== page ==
The construct of empathy has been the subject of socio-psychological research for many years. The guideline there is that empathy represents a desirable property with numerous advantages. Empathy is defined as the ability and willingness to recognize and understand thoughts and feelings of another person.

The topic of empathy is increasingly gaining importance in the field of organizational research, too. Researchers were able to demonstrate several positive outcomes of empathy for occupational life. Thus, in the year 2006, Choi linked the property to show empathy to the charismatic leadership style, resulting in better team coherence and motivation. In 2010, Cohen was able to demonstrate that empathic negotiators used fewer unethical means in negotiations that were to harm their opponents. In line with this, in 2011, Wang and Murnighan discovered that empathy works as a shield against calculative and profit-orientated mindsets. The piece of advice to follow, therefore, seems easy to identify: If you want to succeed on the job, be empathic and caring.

Empathy is scoring lowest among other qualities good leaders should possess. From Holt, S., & Marques, J. (2012). Empathy in leadership: Appropriate or misplaced? An empirical study on a topic that is asking for attention. Journal of business ethics, 105(1), 95-105.


Nevertheless, there are downsides to empathy, too, which are currently studied and identified by researchers. In 2014, for example, Tania Singer found out that empathic observers had heightened cortisol levels after just watching other people being stressed. Jonathon Halbesleben from the University of Alabama showed in 2009 that especially empathic employees had bigger problems maintaining solid relationships with their relatives and friends. It seems that empathy is neither uniformly positive nor an endless human resource. Under certain circumstances even the quality of our decisions suffers. In the trolley problem a fictitious train is headed unstoppably towards five track workers. The participants of the test are offered the choice to change the switch to another line, where only one man is working. 90 percent of participants choose this latter option. However, if the single worker is introduced with a name, a family and a history, the tide is turning and the majority would be willing to sacrifice the five other workers.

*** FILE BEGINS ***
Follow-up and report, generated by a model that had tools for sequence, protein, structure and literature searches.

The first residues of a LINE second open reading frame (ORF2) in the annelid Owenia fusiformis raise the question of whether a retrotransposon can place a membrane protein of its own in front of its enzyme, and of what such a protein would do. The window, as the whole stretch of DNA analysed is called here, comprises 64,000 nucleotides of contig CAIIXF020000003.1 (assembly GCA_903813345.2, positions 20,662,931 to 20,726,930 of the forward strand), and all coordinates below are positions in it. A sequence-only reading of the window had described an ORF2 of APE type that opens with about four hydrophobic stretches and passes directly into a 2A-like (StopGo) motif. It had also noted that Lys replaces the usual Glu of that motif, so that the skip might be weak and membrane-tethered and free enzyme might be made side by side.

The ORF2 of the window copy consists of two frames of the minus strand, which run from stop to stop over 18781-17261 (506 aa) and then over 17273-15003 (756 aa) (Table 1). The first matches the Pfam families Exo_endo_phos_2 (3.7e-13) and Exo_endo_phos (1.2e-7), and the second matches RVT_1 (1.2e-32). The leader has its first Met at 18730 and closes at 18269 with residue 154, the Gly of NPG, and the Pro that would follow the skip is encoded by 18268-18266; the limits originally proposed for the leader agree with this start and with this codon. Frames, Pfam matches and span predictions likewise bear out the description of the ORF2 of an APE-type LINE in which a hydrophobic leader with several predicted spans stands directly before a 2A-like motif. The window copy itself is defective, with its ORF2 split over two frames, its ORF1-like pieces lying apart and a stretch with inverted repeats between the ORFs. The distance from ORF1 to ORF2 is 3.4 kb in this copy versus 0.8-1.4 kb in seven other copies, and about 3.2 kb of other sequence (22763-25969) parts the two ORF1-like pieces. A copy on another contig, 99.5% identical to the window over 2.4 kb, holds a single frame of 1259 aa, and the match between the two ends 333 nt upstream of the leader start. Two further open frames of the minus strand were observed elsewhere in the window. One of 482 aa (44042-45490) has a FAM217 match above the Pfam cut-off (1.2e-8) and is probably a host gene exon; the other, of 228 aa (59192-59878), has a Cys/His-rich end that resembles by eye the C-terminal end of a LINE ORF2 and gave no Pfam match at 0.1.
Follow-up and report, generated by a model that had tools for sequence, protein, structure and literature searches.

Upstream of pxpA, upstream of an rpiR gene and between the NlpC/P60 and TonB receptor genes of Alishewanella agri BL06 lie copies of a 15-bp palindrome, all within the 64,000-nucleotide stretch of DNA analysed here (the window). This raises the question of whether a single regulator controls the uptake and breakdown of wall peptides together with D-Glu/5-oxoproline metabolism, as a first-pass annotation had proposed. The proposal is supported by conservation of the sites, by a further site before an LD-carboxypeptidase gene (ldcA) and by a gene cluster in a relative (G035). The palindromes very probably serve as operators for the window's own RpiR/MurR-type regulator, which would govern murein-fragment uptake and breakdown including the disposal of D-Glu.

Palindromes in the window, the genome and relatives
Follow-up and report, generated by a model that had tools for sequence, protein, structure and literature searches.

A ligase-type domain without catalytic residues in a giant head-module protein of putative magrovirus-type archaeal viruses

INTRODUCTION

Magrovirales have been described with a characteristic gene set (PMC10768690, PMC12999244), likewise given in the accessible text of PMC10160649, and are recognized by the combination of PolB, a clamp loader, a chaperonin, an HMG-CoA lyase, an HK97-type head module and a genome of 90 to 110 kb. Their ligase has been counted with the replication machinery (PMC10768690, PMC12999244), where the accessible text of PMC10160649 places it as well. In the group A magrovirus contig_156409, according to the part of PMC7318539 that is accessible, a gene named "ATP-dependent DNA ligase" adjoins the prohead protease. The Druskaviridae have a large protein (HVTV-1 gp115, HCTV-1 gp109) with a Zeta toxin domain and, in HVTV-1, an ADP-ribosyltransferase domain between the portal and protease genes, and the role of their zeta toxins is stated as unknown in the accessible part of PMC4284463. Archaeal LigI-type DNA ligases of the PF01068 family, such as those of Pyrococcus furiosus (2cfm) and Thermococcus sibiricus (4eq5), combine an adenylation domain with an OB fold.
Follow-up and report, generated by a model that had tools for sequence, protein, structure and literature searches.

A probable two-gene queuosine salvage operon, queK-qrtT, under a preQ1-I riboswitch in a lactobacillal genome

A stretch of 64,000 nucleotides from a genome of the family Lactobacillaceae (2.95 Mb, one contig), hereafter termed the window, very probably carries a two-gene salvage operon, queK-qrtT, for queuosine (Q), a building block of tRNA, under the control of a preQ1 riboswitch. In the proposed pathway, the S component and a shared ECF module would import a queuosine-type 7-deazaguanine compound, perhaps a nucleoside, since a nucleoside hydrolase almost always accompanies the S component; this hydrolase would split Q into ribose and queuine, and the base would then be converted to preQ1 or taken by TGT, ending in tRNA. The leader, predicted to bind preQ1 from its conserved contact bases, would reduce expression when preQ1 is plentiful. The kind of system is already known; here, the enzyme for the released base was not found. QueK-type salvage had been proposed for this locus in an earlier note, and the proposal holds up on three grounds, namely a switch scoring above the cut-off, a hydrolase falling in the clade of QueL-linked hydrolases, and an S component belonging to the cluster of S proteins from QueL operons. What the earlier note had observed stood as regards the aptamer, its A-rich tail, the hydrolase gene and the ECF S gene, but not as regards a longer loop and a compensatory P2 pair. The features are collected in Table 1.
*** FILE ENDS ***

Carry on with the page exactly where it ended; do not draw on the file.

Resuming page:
These examples show how empathy can harm the individual or can specifically manipulate our rational decisions. As it is often the case, the right dosage seems to be the solution to the problem. The right amount of empathy brings along several advantages and protects us of the negative consequences. To find the right balance appears to be the crucial task we should become sensitive for.

Idea and more interesting findings about empathy in the article of the Wirtschaftswoche: